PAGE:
My petite Scottish grandmother looked at me critically through the lenses of her silver-rimmed glasses. ‘You do what?’ Her voice was shrill. We were talking about hunting wild mushrooms.
Trawling the shops on New Hope’s main street some time later, we ended up in a slick store that sold cheeses and specialty foods. I picked up a cellophane package tied with a fancy bow. ‘Look, Grandma,’ I held up the porcini mushroom slices. ‘One of the mushrooms we found last year. We dried our own, just like these.’
She adjusted her glasses to look more carefully. Her eyes got round as she pulled away from the bag. ‘Good lord,’ she said, bending her head to speak to the little dog wagging its tail at her feet. ‘Can you believe it, Dinky? Twenty-two dollars for a bag of dried up mushrooms!’
Yes, you can pay a premium for dried porcini and if you’re really particular about your mushrooms it might even be worth it. The mushrooms in that shop were likely the best quality porcini, with large unbroken slices. Since that story happened some years ago, the price is likely higher as well. In Europe, several grades are sold, depending on quality, size and how well the mushrooms are dried.
There are other ways to get the flavor, without paying full price:
- You can hunt your own, and either eat them fresh or dry them for later, during which process their flavor intensifies. Porcini, also called Ceps, King Bolete and Boletus Edulis, range widely across the Northern Hemisphere. They are easily recognized by the sponge under their cap, bulbous foot and pattern of webbing on the upper half of their base.
- You can buy lower quality porcini, which will have broken pieces or may be bruised. After you’ve made a broth or a long-simmering recipe with them, you probably won’t notice the difference.
- You can buy mixed wild mushrooms in small packages in many grocery stores. They will yield an intense gravy you can infuse into more readily available crimini or button mushrooms as I’ve done in the recipe below.
Wild Mushroom Bruschetta
Yields 12 pieces of bruschetta
1 small bag mixed dried wild mushrooms
(mine was 25 grams from Trader Joe’s, and had porcini, shitake, black and oyster mushrooms)
1½ cups boiling water
12 pieces of good bread, about 2”x3” and sliced ½ inch thick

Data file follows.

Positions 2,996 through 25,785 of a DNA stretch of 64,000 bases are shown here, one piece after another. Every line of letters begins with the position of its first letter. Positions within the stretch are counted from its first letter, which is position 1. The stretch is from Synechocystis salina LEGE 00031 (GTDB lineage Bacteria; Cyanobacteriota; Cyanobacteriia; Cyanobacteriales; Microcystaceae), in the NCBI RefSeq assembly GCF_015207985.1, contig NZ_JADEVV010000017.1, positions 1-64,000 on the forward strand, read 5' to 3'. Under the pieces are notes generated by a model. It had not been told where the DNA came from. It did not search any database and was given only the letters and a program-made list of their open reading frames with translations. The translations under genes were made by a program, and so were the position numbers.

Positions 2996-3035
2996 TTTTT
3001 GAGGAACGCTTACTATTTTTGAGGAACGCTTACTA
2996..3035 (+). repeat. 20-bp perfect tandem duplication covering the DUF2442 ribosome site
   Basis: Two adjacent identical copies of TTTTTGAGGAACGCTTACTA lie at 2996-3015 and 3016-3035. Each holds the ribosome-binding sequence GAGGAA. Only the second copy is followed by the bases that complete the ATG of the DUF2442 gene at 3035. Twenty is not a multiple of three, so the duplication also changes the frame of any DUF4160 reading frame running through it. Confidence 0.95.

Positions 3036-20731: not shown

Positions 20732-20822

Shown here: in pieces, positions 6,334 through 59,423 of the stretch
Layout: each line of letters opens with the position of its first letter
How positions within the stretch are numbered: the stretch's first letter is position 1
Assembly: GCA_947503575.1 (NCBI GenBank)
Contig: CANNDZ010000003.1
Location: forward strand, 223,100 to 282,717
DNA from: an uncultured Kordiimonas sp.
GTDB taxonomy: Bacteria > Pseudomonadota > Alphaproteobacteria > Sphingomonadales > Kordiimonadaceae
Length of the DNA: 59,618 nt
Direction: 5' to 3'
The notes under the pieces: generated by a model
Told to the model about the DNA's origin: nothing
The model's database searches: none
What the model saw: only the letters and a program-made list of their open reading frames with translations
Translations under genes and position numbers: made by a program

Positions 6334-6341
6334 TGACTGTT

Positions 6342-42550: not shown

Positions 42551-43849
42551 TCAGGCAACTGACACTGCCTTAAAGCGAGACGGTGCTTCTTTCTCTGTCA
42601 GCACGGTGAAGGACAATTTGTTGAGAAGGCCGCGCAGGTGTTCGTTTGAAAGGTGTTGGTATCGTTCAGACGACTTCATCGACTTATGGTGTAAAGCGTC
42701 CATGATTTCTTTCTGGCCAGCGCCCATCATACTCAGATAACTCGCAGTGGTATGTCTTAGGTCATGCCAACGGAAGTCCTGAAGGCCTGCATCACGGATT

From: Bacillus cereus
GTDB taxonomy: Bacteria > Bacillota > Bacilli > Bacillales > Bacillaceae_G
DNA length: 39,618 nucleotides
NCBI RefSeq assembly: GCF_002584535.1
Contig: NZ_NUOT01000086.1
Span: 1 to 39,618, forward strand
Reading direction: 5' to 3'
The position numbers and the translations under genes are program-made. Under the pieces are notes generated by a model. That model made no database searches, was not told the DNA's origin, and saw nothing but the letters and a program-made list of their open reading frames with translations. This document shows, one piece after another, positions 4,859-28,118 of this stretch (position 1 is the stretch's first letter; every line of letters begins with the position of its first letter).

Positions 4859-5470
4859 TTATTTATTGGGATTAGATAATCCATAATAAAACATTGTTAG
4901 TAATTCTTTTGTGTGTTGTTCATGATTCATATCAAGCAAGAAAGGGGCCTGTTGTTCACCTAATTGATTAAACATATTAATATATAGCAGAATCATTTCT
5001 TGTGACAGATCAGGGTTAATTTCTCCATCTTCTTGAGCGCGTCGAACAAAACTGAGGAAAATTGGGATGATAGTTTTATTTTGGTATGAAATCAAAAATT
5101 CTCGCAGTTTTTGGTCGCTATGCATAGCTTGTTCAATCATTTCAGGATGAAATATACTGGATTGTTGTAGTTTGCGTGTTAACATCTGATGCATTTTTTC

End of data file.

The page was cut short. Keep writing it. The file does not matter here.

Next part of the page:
(I used a half loaf of my Lago di Como Bread)
8 ounces fresh crimini mushrooms
4 teaspoons good olive oil
¼ teaspoon salt
A few grinds of fresh black pepper
2 small cloves of garlic
2 teaspoons of chopped parsley to top
6 teaspoons of shredded parmesan cheese (optional – see note)
Reconstitute the mushrooms: Put dried mushrooms into a small saucepan and add 1½ cups boiling water. Let sit for 20 minutes. Bring to a simmer over low heat for a few minutes and then turn off the heat again. Even though the package tells you that 20 minutes steeping is sufficient, I find that 40 minutes is better.
When the mushrooms have finished steeping and have cooled somewhat, squeeze the juice out of all the mushrooms and put the spent mushrooms into a bowl. Save the juice in the pan for the next step, decanting to remove debris if necessary.
Reduce the broth: Put the saucepan over medium-low heat and let simmer rapidly. When broth has reduced by more than a half, lower the heat and gently simmer until you have reduced the liquid to ¼ cup. This process will take 20 minutes or more.
Crisp the bread: Drizzle 1 teaspoon olive oil onto a sheet pan. Touch each piece of bread to the oil and then turn over. Bake in a 350º oven for 10-12 minutes per side (325º for 10 minutes per side if using convection). You want the toast to be crisp but not browned, and not as hard as croutons. A little softness on the inside is okay. Times will vary depending on your oven and the type of bread you use.
Make the mushroom topping: Chop the crimini mushrooms finely. Add 3 teaspoons olive oil to a 10” frying pan, add the mushroom dice and the salt, and slowly cook over low heat. For best results, the mushrooms should take at least 15 minutes to cook. Add finely chopped garlic (or use a press) and the pepper in the last 5 minutes.
From the squeezed mushrooms, find the softest pieces, which will be the porcini. Chop these and add to the mushroom dice. Discard the other mushrooms. Right at the end of cooking the dice, add the reduced mushroom broth.
Build the bruschetta: Put the toast pieces onto a platter and scoop on the mushroom mix. Top with chopped parsley. Serve the bruschetta warm or at room temperature.
Note: If you’re serving these bruschetta at a stand-up party, bake on a half-teaspoon of shredded parmesan per piece to hold the topping in place.